Artificial muscles from carbon Nanotube and Nylon Fibres



Publication Details

Foroughi, J., Spinks, G. M., Wallace, G. G., Haines, C. S. & Baughman, R. H. (2015). Artificial muscles from carbon Nanotube and Nylon Fibres. Fiber Society's Spring 2015 Conference, in conjunction with the 2015 International Conference on Advanced Fibers and Polymer Materials: Functional Fibers and Textiles - Program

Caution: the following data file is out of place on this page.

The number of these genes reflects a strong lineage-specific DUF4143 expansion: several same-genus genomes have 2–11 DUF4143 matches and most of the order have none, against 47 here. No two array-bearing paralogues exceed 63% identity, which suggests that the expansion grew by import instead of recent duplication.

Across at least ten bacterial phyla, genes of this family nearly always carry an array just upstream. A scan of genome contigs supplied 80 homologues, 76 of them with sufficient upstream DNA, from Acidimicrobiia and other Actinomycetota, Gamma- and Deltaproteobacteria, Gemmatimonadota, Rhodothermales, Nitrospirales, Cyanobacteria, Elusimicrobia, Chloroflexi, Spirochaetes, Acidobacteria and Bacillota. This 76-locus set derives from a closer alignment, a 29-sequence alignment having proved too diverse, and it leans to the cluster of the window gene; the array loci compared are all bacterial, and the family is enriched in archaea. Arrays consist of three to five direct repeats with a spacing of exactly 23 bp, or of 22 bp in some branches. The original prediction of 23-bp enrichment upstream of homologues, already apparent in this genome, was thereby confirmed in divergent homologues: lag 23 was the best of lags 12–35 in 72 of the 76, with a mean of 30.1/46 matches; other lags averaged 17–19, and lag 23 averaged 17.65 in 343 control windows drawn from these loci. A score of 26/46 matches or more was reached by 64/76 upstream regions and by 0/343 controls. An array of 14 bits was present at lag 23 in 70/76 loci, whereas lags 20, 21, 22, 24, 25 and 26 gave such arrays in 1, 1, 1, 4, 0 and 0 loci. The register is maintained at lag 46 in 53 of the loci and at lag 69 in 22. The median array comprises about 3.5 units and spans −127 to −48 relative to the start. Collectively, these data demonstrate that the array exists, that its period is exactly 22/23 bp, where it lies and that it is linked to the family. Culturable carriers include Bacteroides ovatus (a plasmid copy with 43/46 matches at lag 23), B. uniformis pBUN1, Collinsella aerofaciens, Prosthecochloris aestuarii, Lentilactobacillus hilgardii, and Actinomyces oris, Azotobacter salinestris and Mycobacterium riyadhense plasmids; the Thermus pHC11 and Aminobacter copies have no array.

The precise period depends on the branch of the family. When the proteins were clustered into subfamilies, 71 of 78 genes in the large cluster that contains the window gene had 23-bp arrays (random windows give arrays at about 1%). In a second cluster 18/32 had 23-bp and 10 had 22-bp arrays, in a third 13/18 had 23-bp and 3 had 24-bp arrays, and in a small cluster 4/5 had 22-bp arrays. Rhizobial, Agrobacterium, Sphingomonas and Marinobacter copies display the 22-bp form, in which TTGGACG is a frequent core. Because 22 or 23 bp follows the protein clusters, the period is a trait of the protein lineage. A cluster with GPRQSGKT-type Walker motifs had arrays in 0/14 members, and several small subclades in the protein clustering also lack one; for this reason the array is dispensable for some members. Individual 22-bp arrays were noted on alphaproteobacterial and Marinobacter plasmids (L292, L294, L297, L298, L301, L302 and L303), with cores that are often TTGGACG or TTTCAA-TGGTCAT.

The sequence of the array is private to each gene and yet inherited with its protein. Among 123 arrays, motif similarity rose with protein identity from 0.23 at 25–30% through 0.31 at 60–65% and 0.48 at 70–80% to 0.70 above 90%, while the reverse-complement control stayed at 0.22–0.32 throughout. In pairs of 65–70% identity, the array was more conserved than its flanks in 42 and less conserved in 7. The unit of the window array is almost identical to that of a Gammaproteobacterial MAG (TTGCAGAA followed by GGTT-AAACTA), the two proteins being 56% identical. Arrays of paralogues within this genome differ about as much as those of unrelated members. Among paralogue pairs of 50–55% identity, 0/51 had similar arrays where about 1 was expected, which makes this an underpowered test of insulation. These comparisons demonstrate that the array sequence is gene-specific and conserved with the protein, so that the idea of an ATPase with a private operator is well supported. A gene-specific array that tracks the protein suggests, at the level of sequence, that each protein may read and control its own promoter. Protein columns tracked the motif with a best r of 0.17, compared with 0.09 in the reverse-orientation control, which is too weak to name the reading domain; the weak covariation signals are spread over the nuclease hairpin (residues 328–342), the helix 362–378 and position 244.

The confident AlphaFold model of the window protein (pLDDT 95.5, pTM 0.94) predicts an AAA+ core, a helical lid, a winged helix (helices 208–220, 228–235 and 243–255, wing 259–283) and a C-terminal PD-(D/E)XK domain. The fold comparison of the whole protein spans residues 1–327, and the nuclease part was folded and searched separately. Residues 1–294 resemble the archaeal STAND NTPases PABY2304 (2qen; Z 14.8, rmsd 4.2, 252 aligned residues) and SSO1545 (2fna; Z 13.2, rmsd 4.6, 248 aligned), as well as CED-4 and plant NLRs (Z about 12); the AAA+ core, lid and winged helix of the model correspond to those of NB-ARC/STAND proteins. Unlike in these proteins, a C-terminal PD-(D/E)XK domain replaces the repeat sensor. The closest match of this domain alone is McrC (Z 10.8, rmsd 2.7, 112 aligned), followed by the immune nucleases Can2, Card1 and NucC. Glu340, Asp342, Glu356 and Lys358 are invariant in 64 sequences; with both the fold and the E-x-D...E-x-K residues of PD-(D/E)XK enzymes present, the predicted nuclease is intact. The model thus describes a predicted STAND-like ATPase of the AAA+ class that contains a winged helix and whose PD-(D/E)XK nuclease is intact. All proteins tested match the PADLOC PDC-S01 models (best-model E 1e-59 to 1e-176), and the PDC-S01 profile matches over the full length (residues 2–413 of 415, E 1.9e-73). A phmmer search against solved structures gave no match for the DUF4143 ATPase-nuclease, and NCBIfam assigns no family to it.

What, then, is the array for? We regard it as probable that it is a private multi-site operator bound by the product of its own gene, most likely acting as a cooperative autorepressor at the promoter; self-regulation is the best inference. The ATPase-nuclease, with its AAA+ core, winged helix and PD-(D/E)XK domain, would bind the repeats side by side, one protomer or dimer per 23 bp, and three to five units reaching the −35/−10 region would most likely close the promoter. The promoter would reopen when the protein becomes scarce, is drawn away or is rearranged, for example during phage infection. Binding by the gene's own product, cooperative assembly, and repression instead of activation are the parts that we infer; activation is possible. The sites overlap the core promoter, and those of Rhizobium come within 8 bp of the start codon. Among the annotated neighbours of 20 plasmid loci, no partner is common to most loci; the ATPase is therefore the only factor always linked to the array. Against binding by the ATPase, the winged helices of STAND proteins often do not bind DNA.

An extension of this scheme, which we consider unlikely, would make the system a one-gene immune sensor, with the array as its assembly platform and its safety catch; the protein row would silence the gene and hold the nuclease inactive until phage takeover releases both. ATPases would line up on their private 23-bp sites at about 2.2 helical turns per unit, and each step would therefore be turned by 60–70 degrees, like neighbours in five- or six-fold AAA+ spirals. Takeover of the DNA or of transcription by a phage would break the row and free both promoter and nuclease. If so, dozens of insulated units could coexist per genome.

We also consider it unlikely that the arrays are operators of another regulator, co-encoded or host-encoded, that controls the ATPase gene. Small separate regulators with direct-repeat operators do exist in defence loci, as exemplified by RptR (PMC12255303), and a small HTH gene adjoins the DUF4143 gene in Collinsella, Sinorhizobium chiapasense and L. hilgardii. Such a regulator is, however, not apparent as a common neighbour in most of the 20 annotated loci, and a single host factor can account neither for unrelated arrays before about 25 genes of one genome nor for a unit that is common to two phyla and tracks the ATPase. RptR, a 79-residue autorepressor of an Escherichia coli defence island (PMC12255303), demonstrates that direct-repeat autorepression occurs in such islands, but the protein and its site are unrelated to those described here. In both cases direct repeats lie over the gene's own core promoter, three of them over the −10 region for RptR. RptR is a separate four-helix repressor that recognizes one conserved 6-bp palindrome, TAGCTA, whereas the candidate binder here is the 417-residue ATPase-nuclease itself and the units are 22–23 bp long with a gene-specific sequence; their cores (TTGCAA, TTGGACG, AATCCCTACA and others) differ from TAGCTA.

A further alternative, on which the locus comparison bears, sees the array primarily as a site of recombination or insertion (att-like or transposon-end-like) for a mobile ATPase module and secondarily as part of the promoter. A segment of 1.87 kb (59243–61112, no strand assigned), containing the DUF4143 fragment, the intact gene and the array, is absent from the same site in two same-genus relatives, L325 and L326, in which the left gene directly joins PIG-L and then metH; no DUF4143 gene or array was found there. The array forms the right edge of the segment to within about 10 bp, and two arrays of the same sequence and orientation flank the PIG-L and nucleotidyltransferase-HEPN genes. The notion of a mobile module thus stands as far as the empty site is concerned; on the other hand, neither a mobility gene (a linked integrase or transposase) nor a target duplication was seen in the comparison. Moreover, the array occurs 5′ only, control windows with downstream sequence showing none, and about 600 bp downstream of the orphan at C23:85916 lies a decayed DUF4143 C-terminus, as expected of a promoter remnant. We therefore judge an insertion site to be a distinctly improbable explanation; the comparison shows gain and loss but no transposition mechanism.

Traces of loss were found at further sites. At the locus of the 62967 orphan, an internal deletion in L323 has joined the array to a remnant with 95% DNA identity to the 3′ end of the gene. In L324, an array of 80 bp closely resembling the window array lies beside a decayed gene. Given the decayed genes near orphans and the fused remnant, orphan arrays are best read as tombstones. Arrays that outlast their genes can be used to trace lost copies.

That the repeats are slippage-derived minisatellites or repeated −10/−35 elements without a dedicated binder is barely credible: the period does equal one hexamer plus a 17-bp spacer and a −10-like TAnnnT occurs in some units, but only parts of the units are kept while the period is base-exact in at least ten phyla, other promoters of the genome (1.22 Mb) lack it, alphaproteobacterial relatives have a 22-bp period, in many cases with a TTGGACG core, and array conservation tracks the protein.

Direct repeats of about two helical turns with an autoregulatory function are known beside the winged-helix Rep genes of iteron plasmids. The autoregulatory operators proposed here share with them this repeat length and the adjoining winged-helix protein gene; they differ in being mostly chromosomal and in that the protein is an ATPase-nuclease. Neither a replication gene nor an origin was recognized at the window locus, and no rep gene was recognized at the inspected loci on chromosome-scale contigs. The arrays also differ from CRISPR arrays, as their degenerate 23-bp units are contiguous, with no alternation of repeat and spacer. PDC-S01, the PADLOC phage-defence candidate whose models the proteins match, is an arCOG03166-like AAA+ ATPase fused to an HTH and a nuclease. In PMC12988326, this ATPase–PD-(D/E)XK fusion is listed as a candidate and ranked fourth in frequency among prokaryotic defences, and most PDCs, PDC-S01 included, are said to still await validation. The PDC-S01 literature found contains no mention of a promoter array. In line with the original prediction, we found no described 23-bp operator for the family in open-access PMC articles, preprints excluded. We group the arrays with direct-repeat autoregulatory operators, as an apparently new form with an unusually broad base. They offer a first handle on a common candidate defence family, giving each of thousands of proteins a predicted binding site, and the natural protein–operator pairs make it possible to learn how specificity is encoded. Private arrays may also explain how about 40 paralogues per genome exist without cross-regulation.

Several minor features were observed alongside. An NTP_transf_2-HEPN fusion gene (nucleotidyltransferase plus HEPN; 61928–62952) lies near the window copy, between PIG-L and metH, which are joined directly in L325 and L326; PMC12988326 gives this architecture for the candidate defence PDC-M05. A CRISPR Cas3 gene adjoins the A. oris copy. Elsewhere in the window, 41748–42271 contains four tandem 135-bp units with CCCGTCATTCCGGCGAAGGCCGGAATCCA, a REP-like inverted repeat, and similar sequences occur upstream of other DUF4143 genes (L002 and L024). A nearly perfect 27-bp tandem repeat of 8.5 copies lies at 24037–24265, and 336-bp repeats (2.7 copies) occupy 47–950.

The high cost of powerful, large-stroke, high-stress artificial muscle fibers and wires has combined with typical performance problems, like low-cycle-life under high load, hysteretic behavior, and low efficiencies, to restrict applications. We here demonstrate that inexpensive, high-strength polymer fibers used for fishing line and sewing thread can be easily transformed by non-conventional, extreme twist-insertion processes to provide fast, long-life tensile and torsional muscles that contract by over 49% and lift 100 times heavier loads than the same length and weight natural muscle. These muscles, which are normally thermally actuated, can be powered electrically using sub-volt voltages, photonically, chemically, or by harvesting chemical or thermal energy to provide over 2 times higher specific work than competing nickel-titanium actuator wires. A single muscle fiber weighing 600 mg, made by coiling an 860 μm diameter nylon fishing line, can reversibly lift a kilogram weight 3 cm, and accomplish this once per second when powered by a 75°C temperature change. By weaving or braiding these fibers, we demonstrate textiles that open and close in response to temperature, which might lead to clothing that changes porosity to provide protection and comfort. Use of these muscles for harvesting thermal energy and for window shutters that help conserve energy is demonstrated.

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